A lovely and simple cinch strap holds the roll-top in place, although it may slip a bit and not remain cinched as firmly as it should. Once the cinch strap is appropriately positioned, we use a bobby pin on the strap as a travel hack. It works, and the strap no longer slips, but we’d like not to have to MacGyver it for a purse this expensive.
A passport compartment is included in each backpack and sits flat against the wearer’s back. This is a useful feature for peace of mind. Within the zippered compartment,two pocketst are ideal for additional items you’d want to keep secure, such as a small wallet. Although, since it rests against the small of your back, we wouldn’t suggest filling it with something heavier.
The back of the bag is generously cushioned for additional comfort. Even while carrying a complete photography equipment, laptop, and a month’s worth of clothes nearly every day for a solid two months, with an average of 12km of walking each day, we didn’t have any back problems. The bag weighed 32 pounds at one point, and although we wouldn’t call carrying that much weight “fun,” there were no complaints, and it helped us get our butts in shape quicker. On the other hand, it provides very little air movement, which means it will get heated. It’s time to accept the dreaded wet back. Perhaps going with black wasn’t the most outstanding choice…
An extendable exterior side water bottle compartment may fit a small tripod or a thin 1L bottle. Anything more than that may need the use of a magician. The pocket extends with a zipper, and the elastic and somewhat flexible expanding portion of the bag. When I tried to use it to carry a small tripod, as recommended, it put too much strain on the pocket, and the seams began to fray. It may suffice as a tiny tripod, but it seems too small and under-built.
In the 31L pack, there’s a laptop sleeve integrated into the clamshell that can easily accommodate a 15.6″ ASUS laptop. The clamshell features a double zipper and opens like a book, making it easy to access a laptop for fast security checkpoint entrance. You don’t even have to set the bag down to get it since it’s that simple. When you open it up, there’s a velcro strap to prevent your laptop from flying out. The laptop is cushioned substantially on one side and softly on the other and rests firmly against your back.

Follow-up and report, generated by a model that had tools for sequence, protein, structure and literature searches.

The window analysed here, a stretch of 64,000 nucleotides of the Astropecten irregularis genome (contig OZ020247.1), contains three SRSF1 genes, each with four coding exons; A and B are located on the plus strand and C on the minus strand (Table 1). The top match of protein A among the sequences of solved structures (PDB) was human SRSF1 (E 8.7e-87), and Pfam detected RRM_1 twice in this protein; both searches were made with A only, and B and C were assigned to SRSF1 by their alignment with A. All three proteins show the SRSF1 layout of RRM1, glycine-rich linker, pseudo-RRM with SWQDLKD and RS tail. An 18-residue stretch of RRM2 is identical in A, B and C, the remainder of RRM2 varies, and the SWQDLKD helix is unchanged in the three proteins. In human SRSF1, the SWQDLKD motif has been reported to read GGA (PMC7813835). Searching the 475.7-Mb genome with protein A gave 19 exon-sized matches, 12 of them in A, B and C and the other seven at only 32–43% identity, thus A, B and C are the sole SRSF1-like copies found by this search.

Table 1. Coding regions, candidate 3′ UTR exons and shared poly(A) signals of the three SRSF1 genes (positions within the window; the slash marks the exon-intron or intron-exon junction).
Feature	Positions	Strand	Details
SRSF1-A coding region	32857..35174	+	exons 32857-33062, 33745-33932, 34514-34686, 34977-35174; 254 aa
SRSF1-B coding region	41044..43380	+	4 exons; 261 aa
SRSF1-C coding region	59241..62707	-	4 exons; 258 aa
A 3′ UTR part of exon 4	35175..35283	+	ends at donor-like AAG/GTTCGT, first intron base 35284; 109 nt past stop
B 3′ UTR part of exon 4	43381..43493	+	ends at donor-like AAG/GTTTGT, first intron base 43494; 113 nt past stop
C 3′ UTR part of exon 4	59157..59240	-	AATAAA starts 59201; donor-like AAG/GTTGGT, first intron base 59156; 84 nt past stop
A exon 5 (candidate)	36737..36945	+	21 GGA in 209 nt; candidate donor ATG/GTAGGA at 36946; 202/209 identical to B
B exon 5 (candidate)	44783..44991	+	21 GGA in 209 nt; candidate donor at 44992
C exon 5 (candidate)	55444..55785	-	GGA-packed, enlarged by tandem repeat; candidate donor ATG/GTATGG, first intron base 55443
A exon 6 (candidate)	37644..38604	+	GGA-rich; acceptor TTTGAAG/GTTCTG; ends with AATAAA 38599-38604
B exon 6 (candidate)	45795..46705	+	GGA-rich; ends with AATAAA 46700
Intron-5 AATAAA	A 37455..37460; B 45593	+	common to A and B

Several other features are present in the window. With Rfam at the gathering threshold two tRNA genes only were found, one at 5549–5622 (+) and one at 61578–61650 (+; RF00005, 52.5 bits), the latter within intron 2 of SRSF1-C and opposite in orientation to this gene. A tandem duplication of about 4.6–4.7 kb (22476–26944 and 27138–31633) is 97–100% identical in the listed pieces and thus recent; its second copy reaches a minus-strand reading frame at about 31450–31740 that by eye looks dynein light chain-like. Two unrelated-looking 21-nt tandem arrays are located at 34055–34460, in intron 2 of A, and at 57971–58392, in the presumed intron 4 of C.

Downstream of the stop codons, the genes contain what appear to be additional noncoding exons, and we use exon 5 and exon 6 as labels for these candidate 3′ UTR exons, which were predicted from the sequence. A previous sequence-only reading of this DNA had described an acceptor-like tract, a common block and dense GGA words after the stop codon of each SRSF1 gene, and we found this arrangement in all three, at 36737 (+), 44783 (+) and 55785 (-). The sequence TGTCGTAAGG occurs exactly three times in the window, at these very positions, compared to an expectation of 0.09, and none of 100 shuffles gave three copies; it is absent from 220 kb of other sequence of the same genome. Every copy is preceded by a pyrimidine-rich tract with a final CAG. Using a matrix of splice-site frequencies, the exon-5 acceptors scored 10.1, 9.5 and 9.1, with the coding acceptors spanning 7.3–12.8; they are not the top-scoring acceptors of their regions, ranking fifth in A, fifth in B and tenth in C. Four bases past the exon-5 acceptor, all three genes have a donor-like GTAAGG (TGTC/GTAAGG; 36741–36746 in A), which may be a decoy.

The bag has handles on the top for another convenient method to carry it. Each handle has a magnet, allowing them to click together easily. The handles will not creep in to hug your spine if the attractions are clipped together, which may be unpleasant.
Apart from the main compartments, there are just four additional pockets to keep things simple. A tiny pouch with a key clip is located outside the roll-top. It’s lined with a soft material, which is ideal for storing anything that easily damages, such as your sunglasses, for which you’ve already misplaced the case. It’s not a large pocket, but it can hold a surprising amount of stuff. There’s the passport pocket we discussed before and a side access zip pouch with three flexible tiny battery compartments. This is an intelligent addition to keep your accessories in order. The front thin pocket, which may store papers, maps, or books flat, is the last pocket.